Industry struggles in 4Q, but silver lining lies in smartphones

Amid the global economic meltdown, life was sure miserable for many of the wireless-related companies last week. Many announced some depressing results for a fourth quarter that was usually supposed to be cheery because of the Christmas-selling season.

Sprint Nextel announced 8,000 job cuts, which is about 14 percent of the company's entire workforce, but hasn't given us its fourth-quarter results yet. You can expect millions more customers to walk away as the operator continues its struggles, which will be exacerbated by the economic malaise.

Hit by a global slowdown in handset sales, Texas Instruments said it will lay off 3,400 employees or 12 percent of its workforce, amid declining profits. The chip maker reported revenue of $2.49 billion, down from $3.56 billion last year, and said it had a fourth-quarter net income of $107 million compared with a net income of $756 million in fourth-quarter 2007. 

One can usually count on Qualcomm to report stellar numbers, but the company said last week that net income for the three months ended December plummeted 56 percent year on year and 61 percent sequentially to $341 million as mobile-phone shipments fell dramatically.

On the operator side, churn rose for all of the operators that reported: AT&T, Verizon Wireless and T-Mobile. T-Mobile fared the worst in the fourth quarter. The fourth-largest operator in the U.S. reported 621,000 net new subscriber additions in the quarter, down from 670,000 in the third quarter of 2008 and 951,000 in the fourth quarter of 2007. The number was the lowest quarterly net subscriber additions number since the second quarter of 2006. Being the exclusive provider of Google's G1 phone had no impact on the operator's net additions.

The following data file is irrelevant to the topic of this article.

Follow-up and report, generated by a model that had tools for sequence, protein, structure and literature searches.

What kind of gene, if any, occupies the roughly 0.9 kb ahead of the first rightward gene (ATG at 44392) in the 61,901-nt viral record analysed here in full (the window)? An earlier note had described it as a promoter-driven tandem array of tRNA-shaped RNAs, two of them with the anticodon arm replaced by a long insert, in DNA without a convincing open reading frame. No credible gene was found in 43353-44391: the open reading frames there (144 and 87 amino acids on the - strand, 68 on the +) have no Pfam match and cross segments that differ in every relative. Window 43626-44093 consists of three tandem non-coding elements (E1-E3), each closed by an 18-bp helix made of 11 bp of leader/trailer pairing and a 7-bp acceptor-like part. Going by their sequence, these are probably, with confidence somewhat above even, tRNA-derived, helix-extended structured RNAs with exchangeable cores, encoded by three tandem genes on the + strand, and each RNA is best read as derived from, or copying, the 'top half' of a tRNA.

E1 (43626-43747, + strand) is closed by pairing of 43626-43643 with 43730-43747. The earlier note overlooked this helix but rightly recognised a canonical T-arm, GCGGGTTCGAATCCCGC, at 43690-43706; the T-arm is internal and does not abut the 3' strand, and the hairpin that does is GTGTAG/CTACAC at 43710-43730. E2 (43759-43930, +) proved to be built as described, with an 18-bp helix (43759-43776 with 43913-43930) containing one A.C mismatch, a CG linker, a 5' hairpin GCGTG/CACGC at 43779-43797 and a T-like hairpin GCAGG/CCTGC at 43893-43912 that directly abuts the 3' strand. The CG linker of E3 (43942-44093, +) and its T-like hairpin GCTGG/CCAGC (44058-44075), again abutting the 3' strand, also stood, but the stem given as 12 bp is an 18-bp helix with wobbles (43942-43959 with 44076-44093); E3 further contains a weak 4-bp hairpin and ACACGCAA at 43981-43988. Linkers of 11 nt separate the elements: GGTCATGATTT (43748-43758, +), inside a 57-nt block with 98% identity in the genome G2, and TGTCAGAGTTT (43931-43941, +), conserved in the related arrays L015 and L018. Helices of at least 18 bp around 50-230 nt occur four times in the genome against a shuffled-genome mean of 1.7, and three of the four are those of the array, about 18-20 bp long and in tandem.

Verizon Wireless' introduction of Research In Motion's Storm fared a bit better than the G1, with Verizon Wireless reporting 1 million Storm devices sold since its introduction Nov. 21. (However, there was no mention of how many were sold in the fourth quarter alone.) The iPhone 3G still boosted AT&T's numbers, although profits dropped year on year 23 percent to $2.4 billion. During the fourth quarter AT&T added 2.1 million net wireless subscribers, with 1.9 million being iPhone activations, of which approximately 40 percent were customers new to AT&T.

These results show that the wireless industry is not recession proof, but it certainly is more recession proof than it was during the last downturn in 2002. People see their phones as must-have devices, but obviously are holding off on buying new handsets as seen by the dramatic fall in global handset sales. Strategy Analytics said handset shipments for the fourth quarter fell 10 percent year on year to 295 million.

Still, other trends are encouraging. I've said in the past that smartphones may be what keep the industry propped up during an economic slowdown. With them come growth in wireless data. Both AT&T and Verizon announced increases in data ARPU in the fourth quarter as they continue to load new smartphones on their networks.

And new players appear to be clamoring to come into the smartphone market. Last week, it was revealed that Dell would soon enter the smartphone market, perhaps as early as next month. Nokia has already indicated it will expand the definition of smartphones this year to appeal directly to the consumer. And rumor is that a flurry of smartphone announcements will occur during this month's Mobile World Congress in Barcelona. It's evidence that these new handsets are generating interest within a consumer audience, and it appears smartphone users also see data as a necessity. --Lynnette

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